Update, September 2019: Update: Maison de L’amitie has relocated.
I first visited Maison de L’amitie a year ago in April 2016. For reasons that escape me, I never actually blogged about it. So a suggestion from Shakespeare that Caitlyn and I should head on over came as a timely reminder.
As I recall (with the aid of photos taken at the time), a year ago Maison de L’amitie presented a rural scene with windmills, vines and lots of green. A year on and the region – designed by Corina Wonder with help from Lan Erin – now presents a seafront environment which, although surrounded on all four sides by water, suggests that the land should actually continue to the south-east, where it otherwise falls sharply into the sea.
It is a place evocative of sea-side vacation destinations; much of the region is given over to water to form a natural bay which reflects a golden-hued sky. Sand bars to the south and west protect the bay on two sides. These form two broad, low beaches, the one to the south adjoining a sharp upthrust of land against which a little village sits. Running before this, and separating it from a sandy waterfront, is a wide road overlooking a line of rowing boats moored just off-shore, watched over by cormorants, gulls and a pelican.
The little hamlet – has a decidedly Mediterranean look to it: whitewashed walls fading from the effects of the sun and air doubtless heavy with sea-salt, sitting under red-tiled roofs. The houses and villa occupy a set of terraces stepping up the hill, a broad stone stairway dissecting them. On the lowest tier, at the roadside, sits a cosy-looking villa hotel. above and behind it are more houses – perhaps chalet-style accommodation for the guest of the hotel. The uppermost terrace is the home of a small chapel and the remnants of other buildings, their broken walls adding a certain charm to the island while suggesting a history lies here awaiting discovery.
Down on the waterfront, the road crosses the water via the triple arches of a sturdy stone bridge to arrive at a grand château. Sitting amidst tidy lawns with trim yew bushes on parade either side of the wide footpath lading up to it, the château appears to have been converted into a ballet school, and offers a commanding view out over the bay from this windows and from its well-tended lawns.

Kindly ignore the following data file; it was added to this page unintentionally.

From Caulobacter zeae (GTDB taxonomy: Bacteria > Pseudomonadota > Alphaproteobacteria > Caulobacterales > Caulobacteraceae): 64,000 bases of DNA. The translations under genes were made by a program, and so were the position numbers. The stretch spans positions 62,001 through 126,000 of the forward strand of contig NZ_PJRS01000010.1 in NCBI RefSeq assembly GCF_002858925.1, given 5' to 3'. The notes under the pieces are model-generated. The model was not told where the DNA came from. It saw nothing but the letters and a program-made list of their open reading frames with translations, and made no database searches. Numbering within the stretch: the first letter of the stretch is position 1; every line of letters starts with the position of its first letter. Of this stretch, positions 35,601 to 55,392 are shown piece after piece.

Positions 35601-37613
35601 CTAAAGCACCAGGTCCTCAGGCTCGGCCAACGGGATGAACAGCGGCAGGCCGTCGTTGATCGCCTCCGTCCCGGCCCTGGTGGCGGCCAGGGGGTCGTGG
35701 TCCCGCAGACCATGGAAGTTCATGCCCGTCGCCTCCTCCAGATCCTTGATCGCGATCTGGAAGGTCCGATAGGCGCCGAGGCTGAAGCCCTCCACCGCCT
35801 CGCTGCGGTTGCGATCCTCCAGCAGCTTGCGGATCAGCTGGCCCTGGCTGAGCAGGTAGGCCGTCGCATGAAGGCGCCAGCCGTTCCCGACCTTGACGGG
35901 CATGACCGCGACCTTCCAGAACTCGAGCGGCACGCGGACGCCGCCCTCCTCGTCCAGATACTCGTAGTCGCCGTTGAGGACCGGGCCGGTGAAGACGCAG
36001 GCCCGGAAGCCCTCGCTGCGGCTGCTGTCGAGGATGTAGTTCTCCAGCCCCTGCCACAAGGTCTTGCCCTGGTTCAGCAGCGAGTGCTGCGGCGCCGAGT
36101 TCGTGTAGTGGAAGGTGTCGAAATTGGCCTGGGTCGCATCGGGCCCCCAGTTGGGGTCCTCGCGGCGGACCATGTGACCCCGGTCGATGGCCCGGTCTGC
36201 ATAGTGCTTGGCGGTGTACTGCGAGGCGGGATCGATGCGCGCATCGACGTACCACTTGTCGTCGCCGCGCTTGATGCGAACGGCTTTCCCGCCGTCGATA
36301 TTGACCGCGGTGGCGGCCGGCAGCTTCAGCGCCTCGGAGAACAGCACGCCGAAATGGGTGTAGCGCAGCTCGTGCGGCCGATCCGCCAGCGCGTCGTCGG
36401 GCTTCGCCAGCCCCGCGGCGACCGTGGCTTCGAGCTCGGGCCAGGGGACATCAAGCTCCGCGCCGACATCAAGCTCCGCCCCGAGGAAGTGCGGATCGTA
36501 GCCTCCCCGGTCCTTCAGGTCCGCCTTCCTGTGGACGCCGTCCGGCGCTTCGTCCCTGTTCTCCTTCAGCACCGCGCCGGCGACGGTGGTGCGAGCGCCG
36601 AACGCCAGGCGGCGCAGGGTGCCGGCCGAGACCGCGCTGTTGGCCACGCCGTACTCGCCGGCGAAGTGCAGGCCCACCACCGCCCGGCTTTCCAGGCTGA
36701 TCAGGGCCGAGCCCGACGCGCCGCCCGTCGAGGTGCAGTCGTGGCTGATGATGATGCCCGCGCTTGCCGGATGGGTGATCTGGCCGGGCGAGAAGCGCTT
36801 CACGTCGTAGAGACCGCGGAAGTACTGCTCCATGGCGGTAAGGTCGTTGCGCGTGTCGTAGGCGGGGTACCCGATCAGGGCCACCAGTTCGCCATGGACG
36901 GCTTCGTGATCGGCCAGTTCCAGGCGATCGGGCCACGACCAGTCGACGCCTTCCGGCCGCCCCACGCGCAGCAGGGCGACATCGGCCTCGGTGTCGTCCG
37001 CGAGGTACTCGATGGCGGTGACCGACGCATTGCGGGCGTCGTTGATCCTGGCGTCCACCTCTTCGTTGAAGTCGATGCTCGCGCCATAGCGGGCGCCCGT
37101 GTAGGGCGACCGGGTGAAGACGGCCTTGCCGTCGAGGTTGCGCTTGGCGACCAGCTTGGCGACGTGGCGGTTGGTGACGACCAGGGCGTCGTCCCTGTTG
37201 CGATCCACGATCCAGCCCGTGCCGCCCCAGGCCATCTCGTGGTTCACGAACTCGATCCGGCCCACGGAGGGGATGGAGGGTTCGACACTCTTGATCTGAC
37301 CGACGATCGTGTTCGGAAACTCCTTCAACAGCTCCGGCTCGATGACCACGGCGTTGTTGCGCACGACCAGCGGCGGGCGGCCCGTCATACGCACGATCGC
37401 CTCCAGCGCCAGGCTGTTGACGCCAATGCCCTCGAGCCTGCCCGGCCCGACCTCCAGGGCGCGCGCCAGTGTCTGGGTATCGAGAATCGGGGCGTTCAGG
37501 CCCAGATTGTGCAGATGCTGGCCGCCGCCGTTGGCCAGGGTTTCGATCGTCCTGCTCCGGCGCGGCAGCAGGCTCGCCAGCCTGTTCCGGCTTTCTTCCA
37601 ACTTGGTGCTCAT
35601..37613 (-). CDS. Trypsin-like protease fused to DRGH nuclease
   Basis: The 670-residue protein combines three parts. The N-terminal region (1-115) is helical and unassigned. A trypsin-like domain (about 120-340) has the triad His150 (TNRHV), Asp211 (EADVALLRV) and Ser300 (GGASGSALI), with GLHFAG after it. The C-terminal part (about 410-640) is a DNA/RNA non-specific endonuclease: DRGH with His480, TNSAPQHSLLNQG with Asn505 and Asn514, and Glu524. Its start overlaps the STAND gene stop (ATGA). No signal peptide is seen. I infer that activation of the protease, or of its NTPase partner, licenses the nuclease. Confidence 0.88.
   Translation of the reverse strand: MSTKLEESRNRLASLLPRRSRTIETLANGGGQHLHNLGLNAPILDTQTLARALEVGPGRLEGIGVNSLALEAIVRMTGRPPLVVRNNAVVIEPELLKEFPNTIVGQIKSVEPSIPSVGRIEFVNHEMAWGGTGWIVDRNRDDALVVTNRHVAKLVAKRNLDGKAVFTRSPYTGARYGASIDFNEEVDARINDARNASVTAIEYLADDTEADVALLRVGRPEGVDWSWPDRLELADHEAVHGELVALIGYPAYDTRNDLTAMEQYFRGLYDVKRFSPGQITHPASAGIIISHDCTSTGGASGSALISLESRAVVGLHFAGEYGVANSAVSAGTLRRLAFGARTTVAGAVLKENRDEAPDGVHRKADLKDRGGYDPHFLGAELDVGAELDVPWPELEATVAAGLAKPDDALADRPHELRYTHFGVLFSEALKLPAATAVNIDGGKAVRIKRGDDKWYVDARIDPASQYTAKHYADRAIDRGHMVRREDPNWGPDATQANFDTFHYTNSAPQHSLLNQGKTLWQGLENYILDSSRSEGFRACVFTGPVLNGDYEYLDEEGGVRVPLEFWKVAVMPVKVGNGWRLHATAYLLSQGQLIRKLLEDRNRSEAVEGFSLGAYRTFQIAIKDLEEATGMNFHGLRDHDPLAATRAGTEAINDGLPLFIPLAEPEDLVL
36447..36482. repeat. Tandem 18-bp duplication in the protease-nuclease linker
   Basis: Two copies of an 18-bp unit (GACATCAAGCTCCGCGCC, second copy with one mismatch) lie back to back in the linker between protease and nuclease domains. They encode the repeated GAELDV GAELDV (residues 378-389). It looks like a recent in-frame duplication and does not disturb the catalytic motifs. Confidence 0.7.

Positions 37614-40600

And out on the bay, boats lie at anchor, two single-masted sailing boats, a motor-cruiser, a fishing boats and – a commanding presence among all of them – a three-masted corvette. This sits with sails furled, far enough out to suggest it is standing guard over the bay and the little hamlet. Another protector can be found at the end of the western sand bar, looking out towards the corvette, warding boats away from the risk of running aground.
Maison de L’amitie is a place for meandering, unhurried exploration. The beaches offer space to walk on golden sand, coupled with little snuggle points on or under old rowing boats or on blankets just above the edge of the tide. A little book store between beach and village presents a place for browsing, while a short walk beyond it and around the headland, the broken finger of an old lighthouse lies forlornly at the foot of the hill against which the village has been built. Elsewhere lies a chance to see inside the workshop of a craftsman who makes surf boards, and everywhere are opportunities for photographs.
For those who wish to rez props for use with photos, a land group is available to join – either accept via the greeter at the landing point or step into the reception at the hotel, where you can touch the visitor counter up on the gallery overlooking the reception desk, and join the group. Should you enjoy your visit, please consider a donation towards the continued upkeep of the region for others to enjoy.
- Maison de L’amitie (Dekade, rated: Moderate – updated to reflect new location)